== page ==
Not Your Father's Talmud

Rabbi Adam Chalom of Kol Hadash Humanistic Congregation in suburban Chicago explores the Talmud from a Humanistic perspective, one page a day.

Location: Highland Park, Illinois, United States

Rabbi Adam Chalom is the Rabbi of Kol Hadash Humanistic Congregation in suburban Chicago. He is also the Assistant Dean for the International Institute for Secular Humanistic Judaism.

Tuesday, April 12, 2005

Ideals and Public Perception - Berakhot 43

In the midst of a discussion of what blessings are to be said of certain fragrances and perfumes, we find a fascinating series of ethical and personal recommendations. Some are based on profound insights into the human condition, others are based on a cultural ethos we find very foreign, and still others are based on the fear of public perception.

We first find three sayings of Rabbi Zutra, the first only loosely connected to the topic of blessings by its attention to “beauty” and the second simply another saying of Rabbi Zutra, What does Ecclesiastes 3 mean by “God made everything beautiful in its time/season?” Just that God makes everyone find his own profession beautiful. This is sometimes true in human experience, but certainly not always! In the second saying, at night a torch is like two people and the moon is like three – for vision? No: in order to ward off “evil spirits,” which may harm one, show themselves to two, but hide from three – the Talmud it self doesn’t even use the word for “spirits,” but the implication of their danger is clear.

It is the third saying of Rabbi Zutra that is the most inspirational: “It is better for a person to throw himself into a fiery furnace rather than put his fellow to shame (literally yalbin panav -“make his face pale”) in public.” And where do we learn this? From the story of Judah and Tamar in Genesis 38, where she didn’t publicly shame Judah even though she was threatened with a fiery death for being thought promiscuous. THIS is an inspirational ethical lesson for any age, and it is a pleasant surprise to learn it from the example of a Biblical woman.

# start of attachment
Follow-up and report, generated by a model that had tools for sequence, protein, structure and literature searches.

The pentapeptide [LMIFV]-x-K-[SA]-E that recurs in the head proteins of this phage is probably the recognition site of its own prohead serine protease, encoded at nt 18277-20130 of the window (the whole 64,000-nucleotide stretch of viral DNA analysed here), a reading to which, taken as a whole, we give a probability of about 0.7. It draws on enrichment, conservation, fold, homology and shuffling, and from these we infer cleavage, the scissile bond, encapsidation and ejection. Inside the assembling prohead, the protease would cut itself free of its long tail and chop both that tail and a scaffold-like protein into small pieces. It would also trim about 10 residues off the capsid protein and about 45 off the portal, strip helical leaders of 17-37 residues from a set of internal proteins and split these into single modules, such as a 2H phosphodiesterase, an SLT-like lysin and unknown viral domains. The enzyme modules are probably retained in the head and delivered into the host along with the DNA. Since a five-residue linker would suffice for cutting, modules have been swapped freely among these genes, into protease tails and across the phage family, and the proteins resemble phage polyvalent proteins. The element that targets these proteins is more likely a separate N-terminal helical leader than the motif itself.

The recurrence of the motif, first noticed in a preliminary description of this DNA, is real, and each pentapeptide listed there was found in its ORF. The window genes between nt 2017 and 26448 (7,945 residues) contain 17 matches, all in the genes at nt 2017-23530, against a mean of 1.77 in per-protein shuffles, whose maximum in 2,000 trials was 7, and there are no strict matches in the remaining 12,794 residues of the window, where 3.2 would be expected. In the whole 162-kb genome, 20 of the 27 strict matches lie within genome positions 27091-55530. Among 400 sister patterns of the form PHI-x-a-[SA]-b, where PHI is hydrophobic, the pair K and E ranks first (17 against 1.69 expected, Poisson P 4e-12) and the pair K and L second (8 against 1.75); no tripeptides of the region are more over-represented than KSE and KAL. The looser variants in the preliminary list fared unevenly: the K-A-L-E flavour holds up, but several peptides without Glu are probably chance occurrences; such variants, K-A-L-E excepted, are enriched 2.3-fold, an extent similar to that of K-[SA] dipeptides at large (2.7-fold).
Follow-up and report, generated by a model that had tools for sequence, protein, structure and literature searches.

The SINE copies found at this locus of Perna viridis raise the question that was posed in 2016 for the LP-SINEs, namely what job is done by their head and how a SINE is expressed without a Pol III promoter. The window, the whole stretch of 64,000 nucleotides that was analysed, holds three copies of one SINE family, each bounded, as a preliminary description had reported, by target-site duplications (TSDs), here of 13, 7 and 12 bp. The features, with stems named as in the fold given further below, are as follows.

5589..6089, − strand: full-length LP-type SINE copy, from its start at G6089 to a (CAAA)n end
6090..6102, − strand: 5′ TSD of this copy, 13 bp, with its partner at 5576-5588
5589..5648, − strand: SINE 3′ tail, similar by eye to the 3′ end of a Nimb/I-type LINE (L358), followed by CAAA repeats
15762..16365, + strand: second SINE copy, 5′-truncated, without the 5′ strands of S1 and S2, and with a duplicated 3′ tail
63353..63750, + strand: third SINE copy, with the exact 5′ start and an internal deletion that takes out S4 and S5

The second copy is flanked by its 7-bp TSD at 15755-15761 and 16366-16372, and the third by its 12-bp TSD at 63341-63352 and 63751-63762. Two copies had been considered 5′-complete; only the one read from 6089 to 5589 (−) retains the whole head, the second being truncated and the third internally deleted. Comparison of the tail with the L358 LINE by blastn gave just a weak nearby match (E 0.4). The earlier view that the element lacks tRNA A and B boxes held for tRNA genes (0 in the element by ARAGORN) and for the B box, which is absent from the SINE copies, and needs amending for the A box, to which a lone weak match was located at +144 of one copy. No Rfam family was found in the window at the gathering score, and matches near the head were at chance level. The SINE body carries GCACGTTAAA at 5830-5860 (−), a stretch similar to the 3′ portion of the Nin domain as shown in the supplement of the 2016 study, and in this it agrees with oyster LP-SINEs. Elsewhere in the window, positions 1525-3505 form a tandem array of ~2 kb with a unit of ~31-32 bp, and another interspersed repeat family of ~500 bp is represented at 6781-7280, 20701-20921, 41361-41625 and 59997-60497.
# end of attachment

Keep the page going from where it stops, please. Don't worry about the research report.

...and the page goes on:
Much of the remainder of the page is spent interpreting what is considered “unbecoming” for a scholar (literally Talmid Khakham – “wise student”): going into the street/market perfumed, going out at night alone, talking to a woman in the street, eating a meal with the ignorant (amei-ha-aretz, literally “people of the ground” or “peasants”), being the last to enter the Beit Midrash (house of study), and some say taking long strides or walking stiffly. The page goes on to clarify the perfume restriction applies only when going to “a place where people suspect laying down with males” – a very interesting anecdote for further historical study. Why not go out alone or speak with women? People might suspect immorality, even with one’s female relatives since they may not know you are related. Why not eat with the ignorant? One might be drawn astray. Why not be the last to the Beit Midrash? This one, at least, is obvious to us as well – lest one be thought an idler.

Today, the fear of public suspicion is much less of a concern – as Oscar Wilde said, “the only thing worse than being talked about is NOT being talked about.” Heaven forbid that one eat with those of a different perspective, or risk suspicion to talk with one’s sister, or enjoy one’s life outside of formal obligations as one wishes. Thank goodness for our freedoms today to do just that.

Rabbi Adam Chalom